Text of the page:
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This December marks the 100th anniversary of the famous 1914 Christmas truce, when British, French and German troops disobeyed orders and met in no man’s land to exchange gifts and other gestures of seasonal good will.
By the Christmas of 1914, both sides were faced with the horrific realities of trench warfare and the resulting stalemate meant that the exhausted troops were often stationed within shouting distance of the enemy. There had been several attempts at peace initiatives in the run up to the festive season. A group of 101 suffragettes had written and signed an open Christmas Letter addressed "To the Women of Germany and Austria", while Pope Benedict XV had begged the warring governments to allow an official ceasefire so "that the guns may fall silent at least upon the night the angels sang."
All calls for an end to the killing fell on death ears and hundreds of thousands of men were ordered to spend Christmas day fighting to the death over a patch of mud. Despite the bloody-mindedness of Generals and politicians alike, it appears that the men in the trenches were not willing to completely abandon the Christmas Spirit that year. At various points across allied and German lines, soldiers of both sides ignored orders and established their own unofficial truces.
On Saturday 2nd January 1915, a letter was printed in the Liverpool Echo in which a British soldier, writing to his friend, described his experience of Christmas Day on the Western Front.
The letter was written by acting Corporal Frank Edwards, a thirty year old Policeman from Birkenhead serving with the 3rd Rifle Brigade. This is what he wrote;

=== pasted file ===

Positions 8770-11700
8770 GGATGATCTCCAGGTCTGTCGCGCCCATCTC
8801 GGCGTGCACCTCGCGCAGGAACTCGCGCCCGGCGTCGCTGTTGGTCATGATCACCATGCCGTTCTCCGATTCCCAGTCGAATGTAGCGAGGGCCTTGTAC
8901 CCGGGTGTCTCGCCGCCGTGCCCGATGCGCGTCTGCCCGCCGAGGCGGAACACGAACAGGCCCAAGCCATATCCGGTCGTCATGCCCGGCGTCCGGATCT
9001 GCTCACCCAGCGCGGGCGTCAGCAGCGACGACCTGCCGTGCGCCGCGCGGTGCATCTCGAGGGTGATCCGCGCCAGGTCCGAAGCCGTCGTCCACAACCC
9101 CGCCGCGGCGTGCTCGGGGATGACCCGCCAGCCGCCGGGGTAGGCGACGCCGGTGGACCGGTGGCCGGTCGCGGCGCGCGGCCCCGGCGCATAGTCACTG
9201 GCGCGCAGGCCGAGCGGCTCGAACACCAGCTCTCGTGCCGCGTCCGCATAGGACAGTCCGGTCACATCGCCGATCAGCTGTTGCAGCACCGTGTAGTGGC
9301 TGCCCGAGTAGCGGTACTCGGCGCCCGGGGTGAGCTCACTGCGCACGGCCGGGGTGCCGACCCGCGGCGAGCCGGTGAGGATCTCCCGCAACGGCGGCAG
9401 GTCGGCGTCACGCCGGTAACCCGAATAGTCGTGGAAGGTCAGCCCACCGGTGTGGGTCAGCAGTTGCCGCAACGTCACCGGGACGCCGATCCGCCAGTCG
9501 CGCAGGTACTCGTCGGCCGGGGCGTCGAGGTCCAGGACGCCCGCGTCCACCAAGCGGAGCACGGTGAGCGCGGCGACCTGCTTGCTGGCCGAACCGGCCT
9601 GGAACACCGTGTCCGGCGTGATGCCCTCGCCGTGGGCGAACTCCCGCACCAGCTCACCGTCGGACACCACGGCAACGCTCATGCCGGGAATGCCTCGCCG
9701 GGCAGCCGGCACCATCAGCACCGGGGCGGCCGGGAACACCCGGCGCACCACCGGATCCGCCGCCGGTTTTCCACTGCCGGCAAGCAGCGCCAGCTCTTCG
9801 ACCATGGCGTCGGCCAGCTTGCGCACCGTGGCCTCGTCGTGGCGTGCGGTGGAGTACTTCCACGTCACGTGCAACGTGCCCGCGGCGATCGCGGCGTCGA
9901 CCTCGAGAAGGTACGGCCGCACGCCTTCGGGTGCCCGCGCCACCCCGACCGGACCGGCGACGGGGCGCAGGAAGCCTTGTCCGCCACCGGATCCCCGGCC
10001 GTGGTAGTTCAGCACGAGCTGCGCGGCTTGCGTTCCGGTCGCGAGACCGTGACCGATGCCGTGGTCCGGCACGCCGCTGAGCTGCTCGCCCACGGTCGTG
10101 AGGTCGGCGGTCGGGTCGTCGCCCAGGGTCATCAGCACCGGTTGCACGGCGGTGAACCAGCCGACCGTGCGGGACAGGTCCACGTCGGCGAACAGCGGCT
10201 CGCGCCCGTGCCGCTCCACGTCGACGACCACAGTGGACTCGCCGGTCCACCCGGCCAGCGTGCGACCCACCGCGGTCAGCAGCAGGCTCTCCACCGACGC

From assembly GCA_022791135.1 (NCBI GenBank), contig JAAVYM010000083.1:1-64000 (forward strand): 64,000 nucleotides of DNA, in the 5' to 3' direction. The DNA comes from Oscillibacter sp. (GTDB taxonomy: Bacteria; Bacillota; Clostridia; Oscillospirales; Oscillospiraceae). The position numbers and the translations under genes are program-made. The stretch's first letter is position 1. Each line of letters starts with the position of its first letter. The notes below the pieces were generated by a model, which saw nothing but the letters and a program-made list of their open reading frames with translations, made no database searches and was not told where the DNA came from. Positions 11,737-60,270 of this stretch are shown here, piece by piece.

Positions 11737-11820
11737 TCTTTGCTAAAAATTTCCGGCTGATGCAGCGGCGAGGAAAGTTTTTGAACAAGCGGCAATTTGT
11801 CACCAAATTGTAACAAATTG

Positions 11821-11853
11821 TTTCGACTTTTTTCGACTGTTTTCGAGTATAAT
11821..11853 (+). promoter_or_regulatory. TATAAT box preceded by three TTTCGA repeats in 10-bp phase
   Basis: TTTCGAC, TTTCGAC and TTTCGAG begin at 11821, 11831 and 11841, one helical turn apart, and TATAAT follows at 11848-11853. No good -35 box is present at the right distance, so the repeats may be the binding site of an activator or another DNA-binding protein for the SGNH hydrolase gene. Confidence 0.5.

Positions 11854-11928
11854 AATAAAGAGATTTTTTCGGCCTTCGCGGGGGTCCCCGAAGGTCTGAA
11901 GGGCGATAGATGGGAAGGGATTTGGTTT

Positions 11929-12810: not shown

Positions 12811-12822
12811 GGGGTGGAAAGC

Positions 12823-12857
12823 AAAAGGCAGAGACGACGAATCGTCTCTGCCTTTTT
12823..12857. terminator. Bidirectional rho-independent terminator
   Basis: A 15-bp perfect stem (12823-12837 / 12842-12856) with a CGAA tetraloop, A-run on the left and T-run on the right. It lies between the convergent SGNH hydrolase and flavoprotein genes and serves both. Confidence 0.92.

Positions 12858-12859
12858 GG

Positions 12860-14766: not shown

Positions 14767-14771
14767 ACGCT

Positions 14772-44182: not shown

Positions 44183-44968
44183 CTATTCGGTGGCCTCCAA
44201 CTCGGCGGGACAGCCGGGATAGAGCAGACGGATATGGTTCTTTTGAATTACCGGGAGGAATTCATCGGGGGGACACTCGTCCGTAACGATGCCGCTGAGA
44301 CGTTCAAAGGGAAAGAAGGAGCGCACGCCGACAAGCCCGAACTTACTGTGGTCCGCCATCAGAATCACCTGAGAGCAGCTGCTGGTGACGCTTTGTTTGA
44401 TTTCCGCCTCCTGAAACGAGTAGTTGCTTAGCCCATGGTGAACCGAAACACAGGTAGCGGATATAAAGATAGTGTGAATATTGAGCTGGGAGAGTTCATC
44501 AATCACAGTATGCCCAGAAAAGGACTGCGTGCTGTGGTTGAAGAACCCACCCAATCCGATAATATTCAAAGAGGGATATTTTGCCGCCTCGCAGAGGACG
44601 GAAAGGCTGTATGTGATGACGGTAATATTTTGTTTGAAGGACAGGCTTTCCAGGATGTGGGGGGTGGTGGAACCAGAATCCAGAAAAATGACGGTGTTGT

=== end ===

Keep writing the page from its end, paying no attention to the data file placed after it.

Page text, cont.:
“Our Trenches are about 350 yards from those of the enemy, and last night we were exchanging greetings with each other by shouting over. The outcome of it was that they agreed not to fire today if we did not. You may rest assured that we promised not to do so.
After a time some of our fellows shouted to tell them that if they would come halfway unarmed we would meet them and have a chat. A couple of our fellows left the trenches unarmed, and, sure enough, a couple of Germans came to meet them.
After a time several more of us went, myself included, and had a bit of a chat and afterwards smoked side by side and buried dead Germans who had been lying there for fully two months.
You may guess that was by no means a pleasant job. However, we were on the best of terms with the Germans, and for the greater part of the day cigars, cigarettes and chocolate were freely exchanged between friend and foe.
One fellow had two cigars, one of which I accepted, although practically a non-smoker, and we had a smoke together. We were standing about in groups, chatting away as though we were the best of comrades. There must have been fifty of each side strolling about there.
At 3 p.m. a German officer called his men in. The fellow I had the cigar off said as they parted: “To-day (Christmas Day) nice; to-morrow, shot.” As he left me he held out his hand, which I accepted, and said; “Farewell, comrade.” With that we parted, and in all probability in the course of a day or so we shall be doing our utmost to kill each other.
I know this sounds like a fairy tale, but I assure you it is perfectly true. If I had not participated in it I should feel rather inclined to disbelieve it myself, as I have witnessed some very treacherous acts on the part of the Germans, but I think this will go to prove that there are honourable Germans.“
You can read the full article which contains other eye witness accounts of the Christmas truce here: http://www.genesreunited.co.uk/searchbna/viewrecord/bl/0000271/19150102/022/0003 Explore our collection of historic British Newspapers to see if you can find out how your ancestors may have celebrated Christmas.